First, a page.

Johnny Cash did not actually fall into a burning ring of fire, but in the summer of 1965 he certainly created one.
The official story is that Cash was driving through California’s Los Padres National Forest watershed in when his camper truck, which he called “Jesse,” became stuck on a road near Sespe Creek. In an attempt to free the vehicle, he gunned the motor, setting off sparks that ignited a massive fire, which ultimately destroyed 508 acres of national forest land.
In his 2003 autobiography named Cash the star admitted that he pretended to be fishing so he would appear oblivious to the fire raging around him. This ill-conceived plan backfired when Cash was sued in federal court in 1967 for $125,127.52.
“I sat there while the fire-fighting crews arrived and headed up the mountain with their shovels and axes and then the fire-bomber planes swooped in to drop their loads of boron,” he stated in his autobiography.
By nightfall on June 27, 1965, more than 400 firefighters, a troupe of helijumpers, five air tankers, 150 Navy Seabees and a prison inmate crew were battling the flames. Finally they pinpointed the origin. When Cash was confronted by a forestry officer about whether he had started the fire, he said “my truck did.”
Long before the days of cell phones, Cash could not call for help, and the officer did not offer transportation out of the deep woods. His vehicle was destroyed, and he ended up sleeping on the bare ground not really sure how he was going to get home.
At that time “home” was a ranch in Ventura County, California, where he lived with his then-wife, Vivian, and their daughters, Rosanne, Kathy, Tara and Cindy. The next morning, after several failed hitchhiking attempts and walking several miles, someone finally gave him a ride.
“As it turned out Jesse and I had picked a bad spot to burn,” Cash wrote, explaining that forests on three mountains scorched by the fire were part of a refuge for endangered species, including condors. “A count of 53 had been made before the fire; after the fire it went down to nine.”
Cash’s nephew, Damon Fielder, has stated that he believed that Cash started a fire to keep warm, and when it got out of hand, Cash was too drugged to stop it. Cash conceded in his book that “touring and drugs is what I did” during that time.
“I was such a mess that I didn’t care,” Cash said regarding his state of mind when he was called in for depositions in the federal court case, saying that he was “full of amphetamines and arrogance, refusing to answer their questions straight.”
When asked how he felt about destroying more than half the world’s population of California condors, he answered, “ I don’t give a damn about your yellow buzzards. Why should I care?”
In its suit the federal government alleged that Cash was negligent in the operation, maintenance and repair of his vehicle; that he failed to take reasonable precautions to control the fire; and that he failed to report it to the proper authorities. The equivalent of $950,000 in today’s money, the damages request was to recover the cost of extinguishing the fire and reseeding the burned land.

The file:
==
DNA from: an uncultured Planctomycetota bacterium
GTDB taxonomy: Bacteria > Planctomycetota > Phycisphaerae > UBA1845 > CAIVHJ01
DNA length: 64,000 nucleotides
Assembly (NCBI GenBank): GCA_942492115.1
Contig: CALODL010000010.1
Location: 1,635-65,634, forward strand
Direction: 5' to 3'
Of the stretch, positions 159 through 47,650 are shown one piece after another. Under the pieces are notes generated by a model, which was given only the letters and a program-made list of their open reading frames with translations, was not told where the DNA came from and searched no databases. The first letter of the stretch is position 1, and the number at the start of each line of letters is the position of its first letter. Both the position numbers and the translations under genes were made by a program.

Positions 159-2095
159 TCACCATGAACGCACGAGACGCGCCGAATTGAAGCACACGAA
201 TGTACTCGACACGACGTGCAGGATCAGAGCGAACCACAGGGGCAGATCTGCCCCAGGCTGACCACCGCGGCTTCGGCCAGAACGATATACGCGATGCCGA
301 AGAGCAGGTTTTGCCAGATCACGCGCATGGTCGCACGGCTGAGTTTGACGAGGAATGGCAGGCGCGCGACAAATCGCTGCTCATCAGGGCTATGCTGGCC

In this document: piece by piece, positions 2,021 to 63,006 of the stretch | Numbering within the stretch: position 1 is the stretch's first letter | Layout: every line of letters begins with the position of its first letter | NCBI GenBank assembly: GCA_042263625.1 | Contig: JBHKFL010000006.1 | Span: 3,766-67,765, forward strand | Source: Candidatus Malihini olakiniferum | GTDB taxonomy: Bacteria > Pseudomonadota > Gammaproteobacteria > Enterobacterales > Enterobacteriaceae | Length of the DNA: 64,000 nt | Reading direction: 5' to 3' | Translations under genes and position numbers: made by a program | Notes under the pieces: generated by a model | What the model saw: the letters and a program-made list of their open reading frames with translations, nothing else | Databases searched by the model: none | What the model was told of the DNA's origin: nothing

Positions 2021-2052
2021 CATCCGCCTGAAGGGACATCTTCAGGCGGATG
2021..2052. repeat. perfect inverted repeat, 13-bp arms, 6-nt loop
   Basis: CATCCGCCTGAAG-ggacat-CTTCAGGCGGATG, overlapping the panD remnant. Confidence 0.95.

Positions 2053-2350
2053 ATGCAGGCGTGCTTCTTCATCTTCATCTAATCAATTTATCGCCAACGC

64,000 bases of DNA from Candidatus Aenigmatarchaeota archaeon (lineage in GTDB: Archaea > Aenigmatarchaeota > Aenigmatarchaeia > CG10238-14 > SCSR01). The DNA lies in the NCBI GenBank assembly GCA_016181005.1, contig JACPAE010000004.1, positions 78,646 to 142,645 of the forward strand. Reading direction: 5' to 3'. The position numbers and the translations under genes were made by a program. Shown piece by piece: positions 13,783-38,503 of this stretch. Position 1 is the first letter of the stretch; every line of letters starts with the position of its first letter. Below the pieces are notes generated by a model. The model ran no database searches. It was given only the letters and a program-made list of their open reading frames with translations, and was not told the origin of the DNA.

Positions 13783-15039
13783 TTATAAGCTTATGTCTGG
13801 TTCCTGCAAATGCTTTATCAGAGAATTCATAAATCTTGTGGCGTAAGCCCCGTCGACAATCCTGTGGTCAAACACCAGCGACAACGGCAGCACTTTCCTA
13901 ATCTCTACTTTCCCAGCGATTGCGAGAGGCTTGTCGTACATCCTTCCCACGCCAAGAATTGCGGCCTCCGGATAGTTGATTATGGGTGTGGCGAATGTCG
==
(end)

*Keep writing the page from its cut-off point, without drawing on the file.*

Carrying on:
When time came for the trial in early 1969, Cash was married to June Carter Cash and had moved to Hendersonville, Tennessee. When he claimed that he was too sick to appear in Los Angeles for his trial, the assistant U.S. attorney general didn’t believe him and asked for an FBI investigation to include a physical examination by a reliable physician.
The investigation was conducted between February and July 1969, and under the Freedom of Information Act the 16-page FBI report is now published online. The FBI report specifically stated that Cash’s wife was not the subject of the investigation, but Cash’s past was scrutinized.
In 1961 he was arrested on “drunk” charges in Nashville and forfeited a $5 fine. He was again charged with “drunk” in Minden, Nevada, and released on $50 bail in May 1965. That same month he was arrested in Starkville, Mississippi, for trespassing to pick flowers. In October ‘65 he was arrested by U.S Marshalls at El Paso, Texas, for smuggling and concealing Dexedrine and Equanil tablets. He was fined $2,000 and sentenced to 30 days on each charge, but the sentences were suspended.
Although Cash landed in jail seven times for misdemeanors, he stayed only one night each occasion and usually got off with small and sometimes no fines. Even his hit “Folsom Prison Blues” was written after seeing a film about the institution and not because he had been incarcerated there.
The FBI report does not include documentation about a physical examination, but by mid-summer Cash had settled with the government. In Cash’s book he stated that he paid the government the entire $125,000, but according to court documents a final judgement against Cash was entered on June 30, 1969, in favor of the United States in the amount of $82,000 with a six percent interest rate. That amount had the same buying power in 1969 as $557,673.95 does today.
Also included in the FBI file was a 1971 update on Cash, which stated that Cash was “a reformed drinker and “had taken the pledge,” that he had earned a good reputation at that time and was “reportedly religious.” In a 1976 interview with The Evening Sun (Baltimore, Maryland), Cash concluded that the reason he was not dead was because of his wife and his religion.
The song “Ring of Fire” was penned by June Carter and Merle Kilgore and would become the most successful recording of Cash’s career. Prophetically, he recorded it in 1963 – two years – before he nearly burned down a national forest and wiped out an endangered species.
This copyrighted story by Claudia Johnson was originally published as apart of a Music and Mayhem series in Country Reunion Magazine and Country Reunion News.